The Down East Resilience Network is hosting a community conversation next week to look at how the region in Carteret County has changed, adapted, recovered and remembered since Hurricane Florence hit in September of 2018.
There will be excursions on Tuesday to either Cape Lookout or through Down East. Tuesday will close out with a community night dinner at Core Sound Waterfowl Museum and Heritage Center on Harkers Island. On Wednesday, also at the museum, join in the “Community Conversation” to discuss environmental changes since Florence.
“This conversation will include information from state and federal agencies related to future storms and flooding, i.e. house-raising, road maintenance, drainage, flood insurance and other important topics,” organizers said.
The Down East Resilience Network, a group of researchers, agencies, educators, students and others invested in the adaptation and resiliency, was formed almost three years ago to raise awareness of the environmental changes taking place in the region.
Tuesday will begin with an optional tour of Cape Lookout Lighthouse and the surrounding area. Meet at the Cape Lookout National Seashore visitor center on Harkers Island at 9:30 a.m. to board the ferry. Fee is $35 to cover transportation. Register online for one of the limited seats.
The Down East bus tour leaves from Smyrna at noon Tuesday to see planned and current projects, the wide expanse of ghost forests, road issues and other environmental changes over the past five to 20 years. Register online for the tour.
Tuesday will wrap up with the annual Community Night, “Lessons Learned from Florence and Isabel, Concerns for What Comes Next” starting with dinner at 6 p.m. and the discussion at 7 p.m. This program will focus on recovery, upgraded preparation measures, a long-term recovery update, and concerns over commercial fishing issues, crumbling roads, harbors, groundwater levels, cemeteries and landmarks.
The Community Conversation on Wednesday will begin with breakfast at 9 a.m. at the museum. Attendees will have time to view the “Living on the Edge” exhibit, which shows a chronology of the last century of storms on the coast and a changing landscape.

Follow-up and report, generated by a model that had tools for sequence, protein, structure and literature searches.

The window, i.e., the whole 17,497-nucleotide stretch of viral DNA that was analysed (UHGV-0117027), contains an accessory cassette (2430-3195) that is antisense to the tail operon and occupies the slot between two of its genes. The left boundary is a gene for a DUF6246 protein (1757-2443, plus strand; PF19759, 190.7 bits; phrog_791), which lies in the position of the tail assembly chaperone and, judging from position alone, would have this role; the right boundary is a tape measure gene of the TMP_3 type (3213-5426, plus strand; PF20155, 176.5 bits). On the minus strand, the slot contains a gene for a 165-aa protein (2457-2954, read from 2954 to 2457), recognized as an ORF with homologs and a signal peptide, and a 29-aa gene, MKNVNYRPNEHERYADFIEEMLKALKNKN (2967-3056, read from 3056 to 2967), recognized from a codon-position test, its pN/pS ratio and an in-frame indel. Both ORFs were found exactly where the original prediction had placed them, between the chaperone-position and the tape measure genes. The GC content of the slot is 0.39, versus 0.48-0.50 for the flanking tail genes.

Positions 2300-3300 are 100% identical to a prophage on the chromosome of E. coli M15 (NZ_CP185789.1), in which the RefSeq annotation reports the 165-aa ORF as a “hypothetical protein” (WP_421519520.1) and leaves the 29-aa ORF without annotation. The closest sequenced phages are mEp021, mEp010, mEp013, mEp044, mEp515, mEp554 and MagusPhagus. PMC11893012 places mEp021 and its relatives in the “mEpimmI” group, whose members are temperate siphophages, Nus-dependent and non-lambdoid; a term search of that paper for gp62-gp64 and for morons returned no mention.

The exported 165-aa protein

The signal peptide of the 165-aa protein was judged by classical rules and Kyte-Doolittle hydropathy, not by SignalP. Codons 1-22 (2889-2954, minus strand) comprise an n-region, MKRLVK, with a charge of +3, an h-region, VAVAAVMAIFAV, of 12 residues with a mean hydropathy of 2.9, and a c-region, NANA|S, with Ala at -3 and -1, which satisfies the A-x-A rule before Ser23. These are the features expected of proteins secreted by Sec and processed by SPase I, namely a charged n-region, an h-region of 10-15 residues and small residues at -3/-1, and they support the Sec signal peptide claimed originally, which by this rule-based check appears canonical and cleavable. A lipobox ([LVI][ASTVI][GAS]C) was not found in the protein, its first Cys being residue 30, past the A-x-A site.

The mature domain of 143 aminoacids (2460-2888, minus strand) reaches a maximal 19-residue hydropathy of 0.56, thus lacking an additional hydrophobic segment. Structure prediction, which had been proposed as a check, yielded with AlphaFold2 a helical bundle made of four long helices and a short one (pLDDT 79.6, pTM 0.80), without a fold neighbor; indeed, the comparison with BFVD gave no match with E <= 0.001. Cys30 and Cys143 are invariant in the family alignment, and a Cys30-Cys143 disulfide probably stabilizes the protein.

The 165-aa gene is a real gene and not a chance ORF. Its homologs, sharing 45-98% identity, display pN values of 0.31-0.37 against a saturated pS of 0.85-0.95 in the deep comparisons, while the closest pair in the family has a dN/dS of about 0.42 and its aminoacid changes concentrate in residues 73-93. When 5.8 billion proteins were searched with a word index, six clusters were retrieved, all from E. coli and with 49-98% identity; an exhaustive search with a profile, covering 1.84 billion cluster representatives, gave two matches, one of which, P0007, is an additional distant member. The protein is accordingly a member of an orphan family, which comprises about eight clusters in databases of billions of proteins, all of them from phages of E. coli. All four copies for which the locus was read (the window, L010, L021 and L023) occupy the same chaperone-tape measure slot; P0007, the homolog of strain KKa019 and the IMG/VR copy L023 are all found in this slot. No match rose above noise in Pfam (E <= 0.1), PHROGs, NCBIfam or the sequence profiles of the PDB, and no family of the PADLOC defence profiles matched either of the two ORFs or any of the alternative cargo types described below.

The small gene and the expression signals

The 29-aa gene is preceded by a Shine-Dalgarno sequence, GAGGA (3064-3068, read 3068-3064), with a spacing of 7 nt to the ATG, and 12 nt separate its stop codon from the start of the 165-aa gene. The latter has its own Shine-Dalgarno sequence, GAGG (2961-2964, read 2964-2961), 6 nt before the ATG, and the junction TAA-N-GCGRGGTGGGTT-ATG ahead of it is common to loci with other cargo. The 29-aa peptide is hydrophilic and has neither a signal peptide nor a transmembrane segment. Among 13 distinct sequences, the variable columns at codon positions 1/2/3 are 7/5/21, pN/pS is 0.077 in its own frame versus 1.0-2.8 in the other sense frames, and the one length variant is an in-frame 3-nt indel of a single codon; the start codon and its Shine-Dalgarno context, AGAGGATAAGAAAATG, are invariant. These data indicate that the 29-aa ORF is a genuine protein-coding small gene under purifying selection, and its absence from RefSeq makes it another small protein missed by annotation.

Ryan Stancil and Baxter Miller, creators of the traveling exhibit “Rising,” a collaborative project combining oral history and photography, will lead a discussion starting at 9:15 a.m. on environmental changes Down East since Florence.
At 9:45 a.m. hear a panel of commercial and recreational fishermen and marine biologists discuss changes in what’s running along our shore and sounds.
A presentation on ghost forests will follow at 10:30 a.m., then a discussion about storms, flooding, sea level rise, data and projections is to begin at 11 a.m. The last presentation of the morning focuses on the importance of knowing risk factors for decision-making and will be at 11:30 a.m.
After lunch is served at noon, there will be a panel discussion on government response beginning at 12:45 p.m. At 2 p.m., attendees can explore adaptation strategies to ensure individual resilience from potential sources of funding for house-raising to navigating federal and private insurance.
The day will wrap up after the 3 p.m. discussion on priorities for Down East communities.
Organizers are inviting everyone to be part of the conversation. To register for any of the sessions, visit the Down East Resilience Network webpage.